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The ontogeny and evolution of cooperation

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Grüneisen,  Sebastian
Department of Developmental and Comparative Psychology, Max Planck Institute for Evolutionary Anthropology, Max Planck Society;

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Citation

Grüneisen, S., & Wyman, E. (2020). The ontogeny and evolution of cooperation. In The Cambridge handbook of evolutionary perspectives on human behavior (pp. 265-275). New York: Cambridge University Press.


Cite as: http://hdl.handle.net/21.11116/0000-0009-42FD-0
Abstract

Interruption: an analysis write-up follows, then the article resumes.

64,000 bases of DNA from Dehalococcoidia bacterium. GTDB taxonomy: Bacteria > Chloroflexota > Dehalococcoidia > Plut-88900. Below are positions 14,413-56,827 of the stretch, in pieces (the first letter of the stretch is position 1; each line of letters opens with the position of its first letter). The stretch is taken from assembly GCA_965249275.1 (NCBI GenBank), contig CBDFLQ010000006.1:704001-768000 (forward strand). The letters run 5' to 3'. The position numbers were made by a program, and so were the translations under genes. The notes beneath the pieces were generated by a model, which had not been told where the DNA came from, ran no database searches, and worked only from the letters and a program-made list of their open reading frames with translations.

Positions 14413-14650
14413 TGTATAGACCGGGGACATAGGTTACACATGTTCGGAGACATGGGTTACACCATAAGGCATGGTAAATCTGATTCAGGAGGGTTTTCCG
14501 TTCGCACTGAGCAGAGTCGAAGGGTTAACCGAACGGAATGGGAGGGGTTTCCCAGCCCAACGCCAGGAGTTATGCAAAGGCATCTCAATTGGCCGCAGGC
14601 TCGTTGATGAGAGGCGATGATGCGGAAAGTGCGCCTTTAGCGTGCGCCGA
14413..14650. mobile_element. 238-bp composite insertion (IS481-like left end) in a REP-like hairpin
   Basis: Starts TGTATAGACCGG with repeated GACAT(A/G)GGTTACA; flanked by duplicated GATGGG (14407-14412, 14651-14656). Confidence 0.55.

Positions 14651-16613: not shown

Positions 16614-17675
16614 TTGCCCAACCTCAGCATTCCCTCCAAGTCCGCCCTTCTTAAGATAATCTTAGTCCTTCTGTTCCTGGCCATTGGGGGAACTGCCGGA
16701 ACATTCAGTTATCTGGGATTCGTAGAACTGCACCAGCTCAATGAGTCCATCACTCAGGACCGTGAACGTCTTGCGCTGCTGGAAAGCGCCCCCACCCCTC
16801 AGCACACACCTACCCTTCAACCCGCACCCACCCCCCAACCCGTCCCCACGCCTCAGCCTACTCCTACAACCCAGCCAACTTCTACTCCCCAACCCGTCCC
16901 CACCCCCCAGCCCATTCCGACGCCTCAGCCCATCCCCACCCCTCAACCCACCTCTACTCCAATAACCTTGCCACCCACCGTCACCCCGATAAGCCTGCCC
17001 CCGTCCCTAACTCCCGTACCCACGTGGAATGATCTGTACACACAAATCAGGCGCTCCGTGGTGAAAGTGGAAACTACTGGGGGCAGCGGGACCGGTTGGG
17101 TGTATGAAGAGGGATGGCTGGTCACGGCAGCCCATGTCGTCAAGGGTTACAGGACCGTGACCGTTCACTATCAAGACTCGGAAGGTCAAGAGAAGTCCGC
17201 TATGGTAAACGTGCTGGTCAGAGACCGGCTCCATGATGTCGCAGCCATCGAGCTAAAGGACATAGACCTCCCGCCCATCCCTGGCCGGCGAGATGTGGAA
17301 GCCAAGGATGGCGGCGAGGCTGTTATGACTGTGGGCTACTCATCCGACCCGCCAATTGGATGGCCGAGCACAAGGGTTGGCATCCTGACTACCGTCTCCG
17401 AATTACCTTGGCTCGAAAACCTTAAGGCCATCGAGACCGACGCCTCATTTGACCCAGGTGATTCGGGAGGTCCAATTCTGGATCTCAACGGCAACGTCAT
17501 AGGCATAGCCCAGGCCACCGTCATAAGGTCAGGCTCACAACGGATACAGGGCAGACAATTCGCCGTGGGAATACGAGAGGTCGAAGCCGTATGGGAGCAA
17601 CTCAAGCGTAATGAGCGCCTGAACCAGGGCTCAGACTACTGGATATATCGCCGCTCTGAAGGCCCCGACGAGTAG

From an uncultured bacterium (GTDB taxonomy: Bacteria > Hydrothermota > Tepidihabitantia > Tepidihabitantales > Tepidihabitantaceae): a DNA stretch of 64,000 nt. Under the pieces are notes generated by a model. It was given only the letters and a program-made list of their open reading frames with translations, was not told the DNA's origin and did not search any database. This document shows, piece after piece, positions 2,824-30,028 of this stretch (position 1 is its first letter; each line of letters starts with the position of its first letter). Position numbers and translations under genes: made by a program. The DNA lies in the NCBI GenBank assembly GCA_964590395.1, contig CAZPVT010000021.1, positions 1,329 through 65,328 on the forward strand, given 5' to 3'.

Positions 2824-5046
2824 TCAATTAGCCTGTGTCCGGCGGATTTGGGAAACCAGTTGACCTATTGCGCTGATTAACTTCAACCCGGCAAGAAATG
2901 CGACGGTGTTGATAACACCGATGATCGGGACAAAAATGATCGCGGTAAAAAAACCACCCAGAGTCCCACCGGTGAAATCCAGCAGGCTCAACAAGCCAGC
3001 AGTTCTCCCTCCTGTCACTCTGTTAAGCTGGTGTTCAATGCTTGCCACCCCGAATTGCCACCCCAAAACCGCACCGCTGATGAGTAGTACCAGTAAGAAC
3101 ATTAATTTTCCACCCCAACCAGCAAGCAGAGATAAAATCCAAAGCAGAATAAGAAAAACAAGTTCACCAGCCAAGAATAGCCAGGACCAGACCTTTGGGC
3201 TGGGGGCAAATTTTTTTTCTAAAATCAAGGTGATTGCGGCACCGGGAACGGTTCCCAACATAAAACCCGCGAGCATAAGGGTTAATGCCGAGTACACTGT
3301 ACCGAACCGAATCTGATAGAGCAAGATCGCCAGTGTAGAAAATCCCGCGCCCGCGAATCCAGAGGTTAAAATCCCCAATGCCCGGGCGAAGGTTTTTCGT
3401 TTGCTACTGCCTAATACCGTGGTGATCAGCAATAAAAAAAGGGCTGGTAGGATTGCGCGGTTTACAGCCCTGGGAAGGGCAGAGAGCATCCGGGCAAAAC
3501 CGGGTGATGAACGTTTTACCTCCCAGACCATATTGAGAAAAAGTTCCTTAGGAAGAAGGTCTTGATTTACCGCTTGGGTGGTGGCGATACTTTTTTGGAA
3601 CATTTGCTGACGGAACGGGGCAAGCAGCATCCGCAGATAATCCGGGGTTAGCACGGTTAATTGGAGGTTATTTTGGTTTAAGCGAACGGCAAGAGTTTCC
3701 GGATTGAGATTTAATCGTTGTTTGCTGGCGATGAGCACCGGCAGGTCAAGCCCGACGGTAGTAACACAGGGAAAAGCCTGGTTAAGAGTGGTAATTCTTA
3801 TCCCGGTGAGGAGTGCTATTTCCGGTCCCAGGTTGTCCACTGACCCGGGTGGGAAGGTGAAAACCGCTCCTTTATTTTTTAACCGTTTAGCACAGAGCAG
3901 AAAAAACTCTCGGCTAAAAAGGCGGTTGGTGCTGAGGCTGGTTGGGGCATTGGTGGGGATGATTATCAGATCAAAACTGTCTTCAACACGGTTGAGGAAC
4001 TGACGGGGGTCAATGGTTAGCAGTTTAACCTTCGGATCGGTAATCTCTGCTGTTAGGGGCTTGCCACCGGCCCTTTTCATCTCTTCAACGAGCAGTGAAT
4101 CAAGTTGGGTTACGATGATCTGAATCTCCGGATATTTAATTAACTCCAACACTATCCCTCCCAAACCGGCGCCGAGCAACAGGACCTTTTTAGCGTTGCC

This chapter argues and presents evidence that humans have evolved skills and motivations that allow them to flexibly solve the coordination problems. The authors approach this topic from a developmental comparative perspective and reviews behavioral research with young children to investigate cooperative tendencies that develop reliably across human childhood. The chapter presents evidence showing that already by infancy human children, but not chimpanzees, possess abilities for joint attention, as well as distinct social motivations for joint engagement. Over the first years of life, children reliably begin to participate in simple joint interactions that are cognitively rich in the sense that they involve representing joint goals, commitments to joint activities, and a conceptualization of the task from a shared interpersonal perspective. The chapter shows how these abilities provide the basis for more complex forms of mutualistic collaboration, particularly capacities for joint decision-making in coordination problems. It demonstrates that human children display skills and motivations for collaboration in groups based on conventional cultural practices and normative rules. This enables them to reliably collaborate even with in-group strangers. Together, these findings contribute to the understanding of the key foundations of human forms of cooperation. (PsycInfo Database Record (c) 2021 APA, all rights reserved)